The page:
Feedback Loops, Momentum, and Excitement
When building products, there are two things that seem extremely important: scope and speed to feedback.
If you can ruthlessly prioritize, you can focus. If you can tighten your feedback loops, you can iterate faster. Both of these things will allow you to move very fast in the right direction. But more than that, James Somers talks about the perceived weight of work being reduced dramatically by working quickly in general: Speed Matters
In essence, if something takes a long time, you will avoid it. If it happens quickly, you will do more of it.
The same thing is true of the end-user's experience of the software itself. If they can focus and the software feels fast, they will use it more. The pleasure of using it makes you want to use it more. Craig Mod writes about this beautifully here: Fast Software, the Best Software
While reading up on feedback loops I ran across Andrew Certain's explanation of how communication and consensus can cripple the feedback loops that allow software to be developed faster. In order to increase speed at Amazon, Bezos basically said to ditch the idea of avoiding duplication of effort in order to execute faster (read the whole thread!):
Part of the reason for Amazon's incredible success across a staggering array of ventures is our focus on pushing autonomy down as far as possible. Jeff said from the start, "I don't want to make communication more efficient - I want there to be less communication!"— Andrew Certain (@tacertain) August 26, 2019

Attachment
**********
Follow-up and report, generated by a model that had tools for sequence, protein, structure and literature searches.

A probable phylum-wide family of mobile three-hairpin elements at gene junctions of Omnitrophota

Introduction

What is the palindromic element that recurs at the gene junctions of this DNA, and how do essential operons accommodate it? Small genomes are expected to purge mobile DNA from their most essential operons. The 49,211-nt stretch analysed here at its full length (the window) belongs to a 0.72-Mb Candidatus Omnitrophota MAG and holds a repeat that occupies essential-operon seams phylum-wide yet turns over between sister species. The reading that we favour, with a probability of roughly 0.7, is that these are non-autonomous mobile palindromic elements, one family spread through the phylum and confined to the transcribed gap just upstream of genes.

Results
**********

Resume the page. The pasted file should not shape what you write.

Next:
The cost of communication, transparency, and consensus was so high that it wasn't worth the effort. It was actually better to get rid of cross-team communication and heavily segment the application in order to ship new products faster. Werner Vogels, Amazon's CTO goes into more detail here: Modern Applications at AWS.
This is an almost heretical idea on its face and goes against a core tenant of software development: Don't repeat yourself!
The ideas of 'fail fast' and 'move fast and break things' are now widely satirized. However, I think they're still deeply true. Moving fast is exciting, just look at any new burgeoning software framework. People love to get involved in projects that really feel fast. They're rewarding and there's the most opportunity to really stand out and feel like your contribution matters.
Anything that slows you down should be looked at with skepticism and there should be insanely high value associated with the trade-off.